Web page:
You're right that a single magnet can be considered multiple magnets, but they're multiple magnets that are all in sync.

13. Thanks for the explanations everyone!

kojax:
You say that energy is only used if something (ie: a metal piece) moves towards the magnet because of the magnetic fields. I guess what I'm trying to ask is: where does this energy come from? My assumption would be: the potential energy is only there because there is a distance between the magnet and the metal piece in the first place.

But this makes it sound just like gravity, which is a pretty f***ed concept on its own...

14. Permanent magnets'work' because the atoms are lined up in a certain orientation. In essence, their electon orbits are aligned to produce a magnetic field. Moving electrons and electric current are the same in this regard. The fields form the various electron orbits add up, and a magnetic field is produced.

Why does this cause an attraction to ferrous materials -- because it does. There may be some sort of explanation, but I don't really know what it is.

Magnetic force is a demonstration of one of the quasi perpetual motion concepts that actually exist. Electrons have been spinning around nucleii for quite some time-- and they will hopefully contine to keep spinning for qute a while yet. Probably not eternally, but for a long time. There is a concept called entropy that says that everything will eventually stop, but again, I don't think that we have to worry about it at this point.

As far as magnets continuing to work, they normally will if not disturbed.
Interestingly enough, they seem to maintain their magnetism longer if they are stuck to a piece of metal. Magnets are often supplied with metal 'keepers' for this purpose. However, this all has to do with the alignment of the atoms. The electrons keep spinning.

As far as magnets and perpetual motion -- well the magnet will jump to the metal, but how do you get it back off. Unfortunately you have to add some force. Generating the force to move the magnet away kind of screws up the perpetual motion concept.

I hope that I'm not coming across as snide. I've spent many years of my life thinking about magnetics, and I feel that I have a little understanding. I'm just trying to share my opinions.

ford2go

15. Sorry for not responding.

The magnets stick together through a particular method. Look at a magnetic field (Put a magnet under a piece of glass (anything actually), pour iron powder on top, and look at the shape that it has. You can see it as a fountain that sends its contents into the air, and due to gravity falls back down..but with magnets it falls back around to the back, and goes through the core in order to continue to process. It goes in a oval like loop on every side. Now, when you have a magnet N-S and bring it to N-S, they will attract; they do this because-the N field emits the energy (for our purposes) and the S brings it in, right? So when they are brought together, instead of the S field bringing in the N energy from itself from that distance, it has a N field right in front of it, and therefore prefers to get the energy from the closer source. So what happens to its own N field? since it can't go to its own S pole (since that depletion has already been fulfilled), it has to find somewhere else to go, so it travels along the sustaining surface of the magnet and reaches the 2nd magnets S pole so that that depletion zone can be fulfilled...hence 1 magnet from 2.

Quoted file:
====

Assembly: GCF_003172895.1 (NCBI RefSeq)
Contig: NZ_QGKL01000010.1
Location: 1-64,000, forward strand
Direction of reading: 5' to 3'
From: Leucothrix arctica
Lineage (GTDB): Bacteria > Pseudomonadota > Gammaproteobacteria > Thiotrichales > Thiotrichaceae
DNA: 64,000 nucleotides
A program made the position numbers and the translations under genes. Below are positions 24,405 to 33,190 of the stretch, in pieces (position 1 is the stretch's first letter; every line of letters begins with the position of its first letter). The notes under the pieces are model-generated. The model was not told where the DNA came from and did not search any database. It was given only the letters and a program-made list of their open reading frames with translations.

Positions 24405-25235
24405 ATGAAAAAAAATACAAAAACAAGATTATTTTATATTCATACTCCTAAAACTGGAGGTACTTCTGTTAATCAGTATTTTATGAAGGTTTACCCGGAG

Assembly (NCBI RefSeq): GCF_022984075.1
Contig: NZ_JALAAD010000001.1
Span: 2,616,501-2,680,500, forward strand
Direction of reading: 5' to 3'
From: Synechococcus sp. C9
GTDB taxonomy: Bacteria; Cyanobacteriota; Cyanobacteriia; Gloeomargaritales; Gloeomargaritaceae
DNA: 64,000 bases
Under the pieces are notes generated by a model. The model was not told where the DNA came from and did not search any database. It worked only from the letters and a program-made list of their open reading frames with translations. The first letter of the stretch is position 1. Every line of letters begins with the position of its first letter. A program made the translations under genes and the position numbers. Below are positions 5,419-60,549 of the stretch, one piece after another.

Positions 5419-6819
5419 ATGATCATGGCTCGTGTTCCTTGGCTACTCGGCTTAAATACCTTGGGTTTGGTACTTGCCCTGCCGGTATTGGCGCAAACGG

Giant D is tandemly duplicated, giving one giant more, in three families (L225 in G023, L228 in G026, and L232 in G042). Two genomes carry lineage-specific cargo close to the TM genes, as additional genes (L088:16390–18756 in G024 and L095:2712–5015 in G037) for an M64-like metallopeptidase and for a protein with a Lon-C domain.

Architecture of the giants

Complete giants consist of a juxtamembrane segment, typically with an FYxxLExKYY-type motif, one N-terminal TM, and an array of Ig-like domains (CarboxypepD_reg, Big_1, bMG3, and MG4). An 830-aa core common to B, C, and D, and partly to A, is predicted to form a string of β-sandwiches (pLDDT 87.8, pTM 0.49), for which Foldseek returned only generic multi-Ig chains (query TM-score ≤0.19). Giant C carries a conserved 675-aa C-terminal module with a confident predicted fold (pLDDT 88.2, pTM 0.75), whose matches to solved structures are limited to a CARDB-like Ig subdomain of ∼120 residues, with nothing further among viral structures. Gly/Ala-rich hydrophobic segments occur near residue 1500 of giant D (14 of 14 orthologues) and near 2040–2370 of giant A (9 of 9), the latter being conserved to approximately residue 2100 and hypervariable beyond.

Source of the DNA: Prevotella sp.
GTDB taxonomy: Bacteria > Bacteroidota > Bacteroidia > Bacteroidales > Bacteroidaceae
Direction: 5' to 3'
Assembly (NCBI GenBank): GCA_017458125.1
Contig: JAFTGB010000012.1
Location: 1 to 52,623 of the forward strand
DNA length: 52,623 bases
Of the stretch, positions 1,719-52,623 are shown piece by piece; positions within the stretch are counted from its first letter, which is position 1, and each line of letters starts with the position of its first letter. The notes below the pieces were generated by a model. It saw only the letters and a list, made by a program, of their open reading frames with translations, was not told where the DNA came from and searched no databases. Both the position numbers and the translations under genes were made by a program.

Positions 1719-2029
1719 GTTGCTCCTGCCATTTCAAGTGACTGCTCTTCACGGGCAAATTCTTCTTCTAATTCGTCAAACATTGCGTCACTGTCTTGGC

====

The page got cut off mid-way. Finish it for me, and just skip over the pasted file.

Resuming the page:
The problem with turning a group of magnets into a perpetual motion device is that even though you can push other magnets to create force, the fact that the energy recirculates will end up pulling back the kinetic energy that you gave the other magnet. I have a few theories for how to defy this....but thats for you to read in the USTPO's registry list in the mid-far future.

Also, the thing when you "give" a magnet energy is that you are using the EM field to give its electron field momentum, hence the flow. Once momentum has been created, constant instantaneous depletion zones (depletion of its electron field) allow the kinetic power of the field to continue...unless you alter it by exposing it to another material that can correspond to the magnets energy.

Note: A TREMENDOUS part of all sciences is based on depletion zones...if you are going to study/learn anything, then it should be on them. It is used in everything, from Biology, to chemistry, to physics...and even philosophy. It is a property of the universe itself. Without them, very few seemingly ordered objects could not exist.

And don't forget about electron attraction fields....that is equally important in understanding science; EA fields are the topic that religious people hate because it describes how every living organism was created.